Wednesday, March, 29th, 2006 Diversity Announcements
Diversity at Tufts: From 2001 and Beyond
Jamshed Bharucha, Provost and Senior Vice President
Presentation to AS&E Faculty
March 29, 2006
A Strategic Theme
Some of you recall from an article that Larry wrote for the online magazine, and I believe he gave a version of that speech here to the faculty, called “A University Poised.”; This is a quote from it. “We must have a diverse learning environment. We must embrace diversity with every possible dimension and learn from our differences.”
Now, in 2004, we submitted an administrative proposal to the Board of Trustees to endorse eight strategic themes for the university, and these will sound familiar to those of you who have been here for a few years. I’ll go through it very quickly: great faculty, great students — that’s what a university is all about — better diverse environment, a global perspective, life sciences and the environment, active citizenship and knitting together the schools, and integrating teaching and research. These are things we’ve talked at various times about.
This exercise was really one with the Trustees of trying to get a sense of who we are and where we go by distilling some of the strengths we have across the university and some of the strategies that we might want to proceed moving forward.
The core value of diversitywas described in this discussion with the Trustees. The following is the language that we proposed to them, which I have endorsed:
Top Diversity Priorities for Tufts
The top diversity priorities for Tufts are financial aid, as Larry mentioned, for undergraduate students, for graduate and professional students, and recruitment and retention of senior leadership, faculty, students, administration and staff.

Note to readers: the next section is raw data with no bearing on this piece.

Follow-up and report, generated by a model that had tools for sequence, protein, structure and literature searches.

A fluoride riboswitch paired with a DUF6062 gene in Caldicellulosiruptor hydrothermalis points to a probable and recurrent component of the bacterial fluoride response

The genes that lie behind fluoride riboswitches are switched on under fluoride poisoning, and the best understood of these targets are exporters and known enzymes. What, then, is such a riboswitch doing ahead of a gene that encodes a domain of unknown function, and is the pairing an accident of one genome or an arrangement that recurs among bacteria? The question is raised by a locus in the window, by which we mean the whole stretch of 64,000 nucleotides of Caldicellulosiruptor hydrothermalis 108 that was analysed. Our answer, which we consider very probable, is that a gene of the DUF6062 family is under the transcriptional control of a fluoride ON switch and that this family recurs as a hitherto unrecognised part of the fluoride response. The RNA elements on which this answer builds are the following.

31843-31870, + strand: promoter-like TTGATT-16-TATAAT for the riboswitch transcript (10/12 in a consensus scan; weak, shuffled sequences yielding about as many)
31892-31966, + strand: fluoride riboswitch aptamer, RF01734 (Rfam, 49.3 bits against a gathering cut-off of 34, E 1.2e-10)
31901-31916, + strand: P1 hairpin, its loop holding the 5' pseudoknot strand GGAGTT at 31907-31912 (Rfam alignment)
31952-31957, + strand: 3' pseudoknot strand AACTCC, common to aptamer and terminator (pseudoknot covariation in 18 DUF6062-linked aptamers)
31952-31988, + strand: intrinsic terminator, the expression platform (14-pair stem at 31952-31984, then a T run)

Our financial aid is essential for diversity. It’s arguably the most important thing we can do, and it’s a top priority for the capital campaign. Larry mentioned the Pritzker Challenge, which is focused on advancing diversity in our undergraduate students, and has now reached a total of $15 million, cash that’s actually working for us now on the financial aid front, and there’s another $5 million that would be matched to that, making it a total fund of $20 million devoted to the advancement of diversity at the undergraduate level.
We need to increase the financial aid budget by two to four percent faster than tuition just to maintain our diversity. At some other time, I could go through the arithmetic of this with you. The arithmetic of financial aid is such that it’s an elusive target. Every time you raise tuition to get more resources to pay faculty salaries and other things, like energy costs, it becomes even harder for us. We have to raise the financial aid proportionately more.